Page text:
Alex: Inaccessible? Dunno. To your point–responses I’ve received from my waxing lyrical on the topic of sexy orcs, is evidence the subject matter isn’t everyone’s cup of tea. Then again, the folks I know who have sipped this particular tea have been surprised by their own enjoyment of it. Take me, for example…I’m not the SFF reader you are (though I do enjoy it). I’ve never played an RPG online or otherwise. I don’t play video games. I’m not “in the know” about these things but this is fun!. More than that, between the fast pace, the character building, the humor, and the tension of a world that is both gritty and lush, I find this series both accessible and welcoming. When I say this, I mean, for beyond this book. It might sound weird but I’ve always found the gamers pretty intimidating. Maybe it’s the queer aspect of this work but after reading this series, I’m left feeling like my barriers to a world previously inaccessible to me (RPG’s, sims, video games) have been lowered.
Edwin: Do you think that fast pace can be a problem, though? We just jump right in where the previous book ended, with Comet arriving at JT’s car yard and finding it trashed, and Dante missing. There’s no easing you in.
Alex: Funny you should say that because there was no easing into The Glamour Thieves. I usually like to be led gently through a new world, introduced to characters in some gentle, civilized manner. That did not happen here. This shouldn’t work but it does. From start to finish, it is all action. There is no time for reflection. There is little bother with exposition. It is a Disneyland ride. No…back-to-back rides with no time to catch your breath. But because these novels are fairly short, it really works. Just don’t think about the fact that so much happens in so little time and that Buzz is neither an orc, an elf, or even an enhanced human; he’s a hacker in a regular human body. On that point, my suspension of disbelief did get stretched but, to be honest, I hardly minded. And speaking of the orc-human-elf continuum, I found the ongoing narrative about identity–and crafted identity–fascinating.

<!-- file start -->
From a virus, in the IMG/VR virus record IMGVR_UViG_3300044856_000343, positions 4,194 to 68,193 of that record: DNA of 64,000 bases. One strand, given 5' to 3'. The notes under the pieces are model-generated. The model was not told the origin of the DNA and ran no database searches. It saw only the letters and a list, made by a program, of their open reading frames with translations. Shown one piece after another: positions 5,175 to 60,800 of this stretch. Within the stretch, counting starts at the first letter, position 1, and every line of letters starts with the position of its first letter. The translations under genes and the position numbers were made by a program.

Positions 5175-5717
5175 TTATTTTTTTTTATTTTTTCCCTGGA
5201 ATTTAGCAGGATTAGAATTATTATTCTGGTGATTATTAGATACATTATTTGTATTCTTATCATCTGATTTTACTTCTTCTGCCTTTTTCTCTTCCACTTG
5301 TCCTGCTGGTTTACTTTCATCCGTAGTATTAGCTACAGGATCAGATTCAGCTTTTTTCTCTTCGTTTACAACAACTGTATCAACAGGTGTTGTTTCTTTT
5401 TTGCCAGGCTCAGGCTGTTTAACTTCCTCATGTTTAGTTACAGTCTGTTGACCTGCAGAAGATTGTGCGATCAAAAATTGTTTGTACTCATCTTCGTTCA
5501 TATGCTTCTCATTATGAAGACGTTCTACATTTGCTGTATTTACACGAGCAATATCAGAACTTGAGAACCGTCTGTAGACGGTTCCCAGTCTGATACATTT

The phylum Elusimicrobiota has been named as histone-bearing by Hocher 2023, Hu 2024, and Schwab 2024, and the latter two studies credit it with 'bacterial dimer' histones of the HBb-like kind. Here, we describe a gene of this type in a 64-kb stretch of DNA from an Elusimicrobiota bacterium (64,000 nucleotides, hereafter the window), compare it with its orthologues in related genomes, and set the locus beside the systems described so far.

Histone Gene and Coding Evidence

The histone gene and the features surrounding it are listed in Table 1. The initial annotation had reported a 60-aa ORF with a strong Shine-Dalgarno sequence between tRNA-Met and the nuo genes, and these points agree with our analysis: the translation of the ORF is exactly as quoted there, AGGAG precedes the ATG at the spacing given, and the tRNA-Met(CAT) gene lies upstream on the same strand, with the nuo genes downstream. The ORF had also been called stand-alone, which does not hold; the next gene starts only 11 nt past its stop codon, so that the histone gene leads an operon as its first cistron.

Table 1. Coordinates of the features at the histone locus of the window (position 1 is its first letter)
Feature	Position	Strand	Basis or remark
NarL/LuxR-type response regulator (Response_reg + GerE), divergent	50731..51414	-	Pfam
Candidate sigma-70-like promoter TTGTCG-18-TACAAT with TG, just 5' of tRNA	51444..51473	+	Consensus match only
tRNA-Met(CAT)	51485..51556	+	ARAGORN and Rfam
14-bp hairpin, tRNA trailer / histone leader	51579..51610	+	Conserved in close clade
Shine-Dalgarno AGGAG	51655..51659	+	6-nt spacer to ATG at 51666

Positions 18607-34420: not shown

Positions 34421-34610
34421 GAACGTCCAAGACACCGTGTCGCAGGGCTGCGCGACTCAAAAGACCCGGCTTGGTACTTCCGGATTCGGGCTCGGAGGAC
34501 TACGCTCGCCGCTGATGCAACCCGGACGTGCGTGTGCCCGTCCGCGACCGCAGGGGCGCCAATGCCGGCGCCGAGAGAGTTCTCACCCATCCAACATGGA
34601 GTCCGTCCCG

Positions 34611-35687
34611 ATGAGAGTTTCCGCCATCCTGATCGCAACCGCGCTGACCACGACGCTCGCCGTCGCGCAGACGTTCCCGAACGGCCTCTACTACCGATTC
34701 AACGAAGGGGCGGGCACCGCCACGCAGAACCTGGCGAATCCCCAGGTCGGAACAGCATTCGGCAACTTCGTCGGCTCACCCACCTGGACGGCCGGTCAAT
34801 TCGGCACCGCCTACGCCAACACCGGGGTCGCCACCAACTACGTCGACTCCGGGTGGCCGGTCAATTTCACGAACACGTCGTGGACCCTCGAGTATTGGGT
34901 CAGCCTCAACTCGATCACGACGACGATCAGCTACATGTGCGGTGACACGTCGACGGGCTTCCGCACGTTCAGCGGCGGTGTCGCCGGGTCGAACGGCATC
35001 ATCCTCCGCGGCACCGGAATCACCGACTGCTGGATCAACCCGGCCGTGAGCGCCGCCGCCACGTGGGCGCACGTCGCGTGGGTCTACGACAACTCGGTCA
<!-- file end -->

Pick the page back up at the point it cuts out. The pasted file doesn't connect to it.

Edwin: I think part of that is down to the characterisation? We get such efficient portrayals of Comet, Buzz, and the background characters that we don’t quite notice being dropped into the narrative cold. We learn about Buzz’s past with his 3djinn hacker crowd, Comet’s history as, essentially, a mystic, who ends up a mercenary, and all their friends and associated on the fly, as the world whizzes past Comet’s bike. Again, the skill involved here is remarkable. I think even if it doesn’t quite work for you, the craft is worthy of respect.
Alex: And that’s another piece of this I find so inspiring. On the one hand, these characters are fully fleshed out. On the other hand, just about every character is a fabrication of themselves. Only Austin goes by his own name. Comet is Noah. JT is now Jason. Even Buzz, whom I suspect had a different birth name becomes Shaggy. It so closely resembles my own queer experience in choosing a name that matches my identity. It’s a powerful way to become yourself. But in this case, the identities are created by others. “Shaggy” comes from Comet. “Jason” comes from Buzz. “Buzz” may very well come from 3djinn. And in this world where each humanoid had been human less than fifty years prior, it’s an interesting question on how our identities–considered indisputable and inherent by many–are shaped by others. Ultimately, this is on the border of crack fiction but the ideas resonate with me.